Shadow Cabinet opposes placing the Australian War Memorial amidst partisan debate

Shadow Cabinet opposes placing the Australian War Memorial amidst partisan debate

13 Oct 2022

Shadow Cabinet has opposed any move that could put the Australian War Memorial at the centre of partisan political debate, saying its sanctity as a shrine of remembrance to Australian servicemen and women who made sacrifices in conflicts against an external foe, must be preserved.

Former Deputy Prime Minister and Shadow Minister for Veterans’ Affairs, Barnaby Joyce, said the Coalition recognised the historic conflicts between Europeans and Aboriginal and Torres Strait Islander populations referred to by some as the ‘frontier wars’; and recognised the historic internecine conflicts amongst Australia’s first nations’ peoples.

“The fundamental element is that the War Memorial was built in sacred recognition of wars that Australians fought as a nation, unified against an external foe. It is not to be a memorial for conflicts within Australia”, he said.

“The truth of both is absolute but the fundamental element is different. There are many memorials in Australia and in Canberra that represent the ultimate sacrifice of the person who lays down their life for others in a noble cause, but they are not all in the Australian War Memorial. This does not judge the value of those lives as different.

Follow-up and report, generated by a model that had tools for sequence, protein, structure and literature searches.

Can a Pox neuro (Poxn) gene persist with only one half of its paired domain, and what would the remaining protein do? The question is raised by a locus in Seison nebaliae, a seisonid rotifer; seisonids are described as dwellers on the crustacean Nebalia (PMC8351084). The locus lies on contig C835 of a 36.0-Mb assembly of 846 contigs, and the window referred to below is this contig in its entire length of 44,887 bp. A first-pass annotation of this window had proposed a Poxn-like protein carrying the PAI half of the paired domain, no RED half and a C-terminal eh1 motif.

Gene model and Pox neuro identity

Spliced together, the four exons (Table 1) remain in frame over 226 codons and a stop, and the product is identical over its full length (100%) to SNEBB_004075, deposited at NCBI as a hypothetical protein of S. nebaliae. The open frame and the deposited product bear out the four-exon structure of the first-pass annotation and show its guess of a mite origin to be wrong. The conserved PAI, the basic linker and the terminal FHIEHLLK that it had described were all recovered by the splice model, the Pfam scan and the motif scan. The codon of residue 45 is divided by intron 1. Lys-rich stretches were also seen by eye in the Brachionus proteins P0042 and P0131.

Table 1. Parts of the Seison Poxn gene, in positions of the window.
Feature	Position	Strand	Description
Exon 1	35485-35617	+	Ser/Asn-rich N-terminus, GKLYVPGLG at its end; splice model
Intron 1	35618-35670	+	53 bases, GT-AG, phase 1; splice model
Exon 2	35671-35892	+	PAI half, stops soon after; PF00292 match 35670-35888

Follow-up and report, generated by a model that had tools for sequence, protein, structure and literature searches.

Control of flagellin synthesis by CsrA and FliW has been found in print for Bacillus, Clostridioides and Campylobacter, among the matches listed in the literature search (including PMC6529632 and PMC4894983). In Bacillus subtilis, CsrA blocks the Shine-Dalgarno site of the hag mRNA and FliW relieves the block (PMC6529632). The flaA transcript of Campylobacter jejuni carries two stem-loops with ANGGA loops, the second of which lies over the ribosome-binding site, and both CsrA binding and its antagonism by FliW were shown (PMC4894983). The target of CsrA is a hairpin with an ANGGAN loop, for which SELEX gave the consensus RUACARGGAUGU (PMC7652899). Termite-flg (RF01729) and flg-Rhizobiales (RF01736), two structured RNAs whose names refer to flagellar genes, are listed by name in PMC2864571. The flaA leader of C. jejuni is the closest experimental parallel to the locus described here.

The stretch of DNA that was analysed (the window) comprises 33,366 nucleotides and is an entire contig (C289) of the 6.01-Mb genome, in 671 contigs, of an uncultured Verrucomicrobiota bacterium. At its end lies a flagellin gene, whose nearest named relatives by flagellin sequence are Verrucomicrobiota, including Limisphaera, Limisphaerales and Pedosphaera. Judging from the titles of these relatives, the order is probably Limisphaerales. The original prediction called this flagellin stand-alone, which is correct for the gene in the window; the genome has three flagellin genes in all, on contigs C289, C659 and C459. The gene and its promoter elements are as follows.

“Shadow Cabinet resolved that conflicts involving first nations’ people are best remembered at Ngurra, the National Aboriginal and Torres Strait Islander Cultural Precinct, for which design work is already underway”, Mr Joyce said.

The new Ngurra facility, which the former Coalition Government had already committed nearly $320 million towards, will be built in the Parliamentary Triangle between Old Parliament House and the Australian War Memorial, in the heart of the nation’s capital.

“It’s positioning between the Australian War Memorial and the Parliament, by its very location, is a better philosophical representation of the issues pertinent to internal conflict as opposed to a common sacrifice against an external foe”, he said.

“It is proposed this will be both a learning centre and a national resting place for the care of Aboriginal and Torres Strait Islander ancestral remains. Over time, Ngurra will collect its own traditions and rituals that will be born from its national status as a place to celebrate, educate, reflect, and commemorate”, he said.

Mr Joyce said the Australian War Memorial was a place of unity which remembered all those who had fought for Australia, for a common purpose against a common foe.

“Conflicts within Australia that pitted Australians against other Australians in our own land, in some instances internecine, should be represented and discussed in a memorial that takes into account this significant difference, and not at the Australian War Memorial which has its philosophical remit in the carnage suffered by those who went to fight for Australia in the First World War”, Mr Joyce said.

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